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Embedding GML in “foreign” grammars

It seems that there are many people who would like to use GML in a non-GML grammar but are not sure how to do it.  This note is offered as a suggested best practice.

GML follows the so called "object-property-value" rule borrowed more or less from RDF.  This gives GML instances a particular striped structure – especially if the value is again a GML object.  GML was intended to allow applications to define voacabularies of geographic objects – i.e. concrete or abstract real world objects such as political boundaries, bouys, airspaces, shipping lanes, roads and forest districts.  Since such vocabularies are open ended GML uses XML Schema and creates so called application schemas that define these vocabularies,

Some people would, however, like to use GML within an existing XML grammar for such things as the expression of geometry, time, direction etc.  For such purposes the application schema route is not the best approach.  In this case it is suggested that ONLY GML objects be used.  GML objects are XML elements whose content models derive from one of the GML core schema objects such as features, geometries, topologies, time etc.  Their children are ALWAYS properties of the object.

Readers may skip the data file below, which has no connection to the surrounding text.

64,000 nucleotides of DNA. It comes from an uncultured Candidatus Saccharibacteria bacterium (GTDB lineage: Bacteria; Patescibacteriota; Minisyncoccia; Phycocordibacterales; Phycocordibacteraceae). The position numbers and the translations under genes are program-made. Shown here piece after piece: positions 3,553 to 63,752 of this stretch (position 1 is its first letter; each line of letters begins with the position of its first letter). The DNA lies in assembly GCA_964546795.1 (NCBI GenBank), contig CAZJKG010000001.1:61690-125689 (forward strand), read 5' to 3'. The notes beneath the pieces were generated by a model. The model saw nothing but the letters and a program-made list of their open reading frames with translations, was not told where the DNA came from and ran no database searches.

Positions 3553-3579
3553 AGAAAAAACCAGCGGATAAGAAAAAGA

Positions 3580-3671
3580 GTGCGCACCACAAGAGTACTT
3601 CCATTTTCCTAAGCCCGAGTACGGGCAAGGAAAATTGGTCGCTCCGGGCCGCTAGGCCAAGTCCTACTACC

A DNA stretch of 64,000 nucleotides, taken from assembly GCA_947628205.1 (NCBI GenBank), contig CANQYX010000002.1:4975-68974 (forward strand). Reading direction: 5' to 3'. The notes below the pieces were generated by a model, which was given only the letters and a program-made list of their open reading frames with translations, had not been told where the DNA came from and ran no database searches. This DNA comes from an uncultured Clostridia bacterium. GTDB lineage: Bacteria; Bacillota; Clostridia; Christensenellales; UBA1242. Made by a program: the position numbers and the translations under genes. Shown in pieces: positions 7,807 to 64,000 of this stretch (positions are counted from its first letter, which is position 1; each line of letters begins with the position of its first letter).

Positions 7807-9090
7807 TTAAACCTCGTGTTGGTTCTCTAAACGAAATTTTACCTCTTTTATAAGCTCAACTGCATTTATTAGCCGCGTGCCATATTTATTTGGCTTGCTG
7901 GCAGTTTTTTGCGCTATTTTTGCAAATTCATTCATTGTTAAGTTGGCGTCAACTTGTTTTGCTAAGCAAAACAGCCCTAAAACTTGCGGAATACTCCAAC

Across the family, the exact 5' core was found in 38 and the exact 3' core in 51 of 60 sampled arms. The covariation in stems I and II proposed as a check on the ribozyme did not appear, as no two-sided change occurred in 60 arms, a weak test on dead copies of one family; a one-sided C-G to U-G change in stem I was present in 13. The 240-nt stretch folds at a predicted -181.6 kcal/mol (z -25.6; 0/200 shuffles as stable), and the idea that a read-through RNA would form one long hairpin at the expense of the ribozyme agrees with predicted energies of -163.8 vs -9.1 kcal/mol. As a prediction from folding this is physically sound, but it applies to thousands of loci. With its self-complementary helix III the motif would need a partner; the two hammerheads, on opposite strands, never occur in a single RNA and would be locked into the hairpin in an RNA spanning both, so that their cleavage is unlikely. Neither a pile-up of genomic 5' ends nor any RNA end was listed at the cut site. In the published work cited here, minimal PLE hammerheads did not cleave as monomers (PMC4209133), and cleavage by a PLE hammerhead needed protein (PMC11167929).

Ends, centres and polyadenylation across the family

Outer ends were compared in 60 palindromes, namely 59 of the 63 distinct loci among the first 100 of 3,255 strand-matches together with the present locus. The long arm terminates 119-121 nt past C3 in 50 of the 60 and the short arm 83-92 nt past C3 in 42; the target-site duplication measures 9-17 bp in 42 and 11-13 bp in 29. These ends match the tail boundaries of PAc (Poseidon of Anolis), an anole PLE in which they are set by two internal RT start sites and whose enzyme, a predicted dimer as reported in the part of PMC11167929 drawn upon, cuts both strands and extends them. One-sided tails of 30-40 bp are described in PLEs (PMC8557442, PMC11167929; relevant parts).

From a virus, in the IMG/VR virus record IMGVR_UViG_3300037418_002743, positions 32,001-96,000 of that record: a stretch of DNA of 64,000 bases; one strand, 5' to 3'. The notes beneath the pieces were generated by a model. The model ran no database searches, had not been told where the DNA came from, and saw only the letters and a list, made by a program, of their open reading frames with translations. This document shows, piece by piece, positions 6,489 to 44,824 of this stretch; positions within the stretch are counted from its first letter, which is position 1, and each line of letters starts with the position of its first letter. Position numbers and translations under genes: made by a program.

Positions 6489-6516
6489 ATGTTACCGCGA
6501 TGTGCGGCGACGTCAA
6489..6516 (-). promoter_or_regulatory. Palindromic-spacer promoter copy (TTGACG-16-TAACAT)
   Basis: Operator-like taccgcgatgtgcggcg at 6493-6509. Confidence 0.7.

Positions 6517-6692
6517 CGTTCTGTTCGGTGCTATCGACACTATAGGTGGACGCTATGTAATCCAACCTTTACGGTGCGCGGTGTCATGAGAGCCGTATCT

To use a GML object, enclose it in a property in the "foreign" grammar.

Thus you might write:

      <gml:Object> .. </gml:Object>

Note that this approach is NOT recommended when defining geographic objects and everything outside the GML must be handled by non-GML aware sotware.

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